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IRD says anti-BEPS bill may stoke sales booked in NZ, avoids comment on Apple

Tuesday 30th January 2018

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Apple Sales New Zealand, the local unit of the iPhone and iPad maker, tripled its profit last year as revenue growth outpaced cost of sales but there's a question mark over how much tax it paid locally because most of Apple Inc's business activities are offshore.

Inland Revenue declined to comment on whether Apple NZ actually pays any tax here, citing taxpayer confidentiality provisions, but a backgrounder for international tax issues on IRD's website says the ability of a country to tax non-residents on business income "depends largely on the extent of their presence in that country."

IRD "is often asked why they (multinationals) aren’t paying more tax, especially considering many of their products are so popular here," it says. "It’s a fair question but often, most of their business activities are actually taking place outside New Zealand." 

Tax has become a huge global issue for Apple, which in December agreed to pay Ireland US$15.4 billion in back taxes to appease the European Union, which said the US company had managed to pay almost no tax on its European profits between 2003 and 2014 because of a tax deal with Ireland. Apple has also pledged to pay US$38 billion in US taxes over eight years under a repatriation levy Congress imposed on multinationals. 

US multinationals have an estimated US$3.1 trillion in total untaxed overseas earnings, held as both cash and illiquid assets, Bloomberg reported last week, with Apple alone sitting on an offshore cash pile estimated at US$252 billion at Sept. 30 last year. The company is scheduled to release its first-quarter results on Feb. 1, with revenue forecast to rise 11 percent to about US$86.8 billion. Analysts will be looking for an update on sales of its pricey iPhone X as well as comment on tax. 

Apple NZ's profit jumped to $19.5 million in the 12 months ended Sept. 30, 2017, from $6.5 million a year earlier, its accounts show. Sales climbed to $811 million from $744 million, while cost of sales rose to $771 million from $729 million. Much of that is purchases of inventory from related parties - paying for the iPhones, iPads and other products produced elsewhere in the Apple Inc empire. Such purchases rose to about $763 million in its latest year from $676 million a year earlier.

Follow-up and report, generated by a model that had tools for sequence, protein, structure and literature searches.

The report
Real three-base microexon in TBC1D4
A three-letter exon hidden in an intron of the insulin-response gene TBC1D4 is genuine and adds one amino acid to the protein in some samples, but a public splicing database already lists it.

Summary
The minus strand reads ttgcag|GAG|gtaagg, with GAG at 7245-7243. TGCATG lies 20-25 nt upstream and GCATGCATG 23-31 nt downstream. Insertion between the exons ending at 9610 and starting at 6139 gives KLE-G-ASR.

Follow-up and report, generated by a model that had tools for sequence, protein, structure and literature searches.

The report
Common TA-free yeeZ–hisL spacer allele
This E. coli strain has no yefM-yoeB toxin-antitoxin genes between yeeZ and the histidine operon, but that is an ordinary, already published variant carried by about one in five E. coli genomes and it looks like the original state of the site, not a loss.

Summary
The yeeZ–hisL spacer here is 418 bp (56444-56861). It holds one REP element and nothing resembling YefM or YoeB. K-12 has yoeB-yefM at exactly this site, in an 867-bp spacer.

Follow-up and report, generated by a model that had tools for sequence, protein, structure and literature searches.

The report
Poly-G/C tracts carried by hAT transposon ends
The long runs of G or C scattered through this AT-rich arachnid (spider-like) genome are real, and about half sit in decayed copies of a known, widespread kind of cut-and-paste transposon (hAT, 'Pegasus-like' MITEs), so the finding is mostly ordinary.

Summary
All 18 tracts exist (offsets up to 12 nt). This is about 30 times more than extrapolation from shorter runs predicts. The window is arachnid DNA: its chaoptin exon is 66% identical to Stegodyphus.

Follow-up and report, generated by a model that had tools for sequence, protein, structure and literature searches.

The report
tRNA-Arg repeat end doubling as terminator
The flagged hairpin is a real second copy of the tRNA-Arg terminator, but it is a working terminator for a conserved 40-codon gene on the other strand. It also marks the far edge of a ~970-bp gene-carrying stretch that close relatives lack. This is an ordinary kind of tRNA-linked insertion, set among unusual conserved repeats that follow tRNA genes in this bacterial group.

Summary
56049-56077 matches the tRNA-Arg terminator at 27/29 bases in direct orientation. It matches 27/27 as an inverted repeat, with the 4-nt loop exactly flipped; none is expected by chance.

Its income tax expense rose to $10.2 million from $3.1 million, although Fairfax reported that the bulk of that tax went to the Australian Tax Office (ATO). Fairfax based that on the $8.9 million of income tax expense in Apple NZ's accounts that was calculated using the "statutory tax rate", which implied a corporate tax rate of 30 percent as in Australia, rather than New Zealand's 28 percent. Apple NZ's immediate parent is Sydney-based Apple Pty Ltd. Apple didn't immediately respond to requests for comment.

Revenue Minister Stuart Nash told Fairfax that IRD appeared to be in dispute with the ATO. However, he later told BusinessDesk he hadn't been briefed on any dispute with Australia and was unable to discuss the affairs of an individual taxpayer.

"I have previously expressed concern about multinationals who artificially reduce the tax payable on New Zealand business activities, because it erodes confidence in the fairness of the tax system," Nash said. "The Taxation (Neutralising Base Erosion and Profit Shifting Bill) introduced in December 2017 will address some of the avoidance techniques used by multinationals. Tech companies are included in this."

The bill includes measures against tax avoidance strategies such as avoiding a taxable presence in New Zealand, stripping out New Zealand profits through high-priced debt or mispriced dealings, and the use of highly structured hybrid instruments to take advantage of differences in the tax laws of New Zealand and other countries, an IRD spokesman said. The bill will also make it easier for IRD to assess multinationals.

"We expect some multinationals with a physical presence in New Zealand will want to restructure their business operations here in response to the measures," spokesman Baden Campbell said. "This should lead to more sales being booked in New Zealand and as a consequence more revenue.  The measures will also prevent multinationals from shifting their New Zealand profits offshore under artificial arrangements."

Multinational companies in New Zealand pay more than $6 billion a year in tax, making up almost 55 percent of the total corporate tax base, IRD says. They present "a unique set of challenges" because they operate in different tax jurisdictions around the world and it "can be a complex matter to determine if a given company is paying the tax here that it should be," IRD said in its note last July.

It cited a hypothetical example of a multinational tech company: "Gary’s Gadgets International sells a popular mobile device that New Zealanders have been buying in their droves. The company has a head office in Europe and its manufacturing base in South-East Asia. In New Zealand, Gary’s Gadgets (NZ) Ltd is a small sales operation run out of an office in New Plymouth, employing five people. It services a network of independent retailers in New Zealand that sell Gary’s devices to consumers here." 

"So in thinking about how Gary’s Gadgets is taxed in New Zealand, Inland Revenue is likely to determine that most of the company’s business activity and value-add, is offshore so that’s where most of its tax will be paid," IRD says.

(BusinessDesk)

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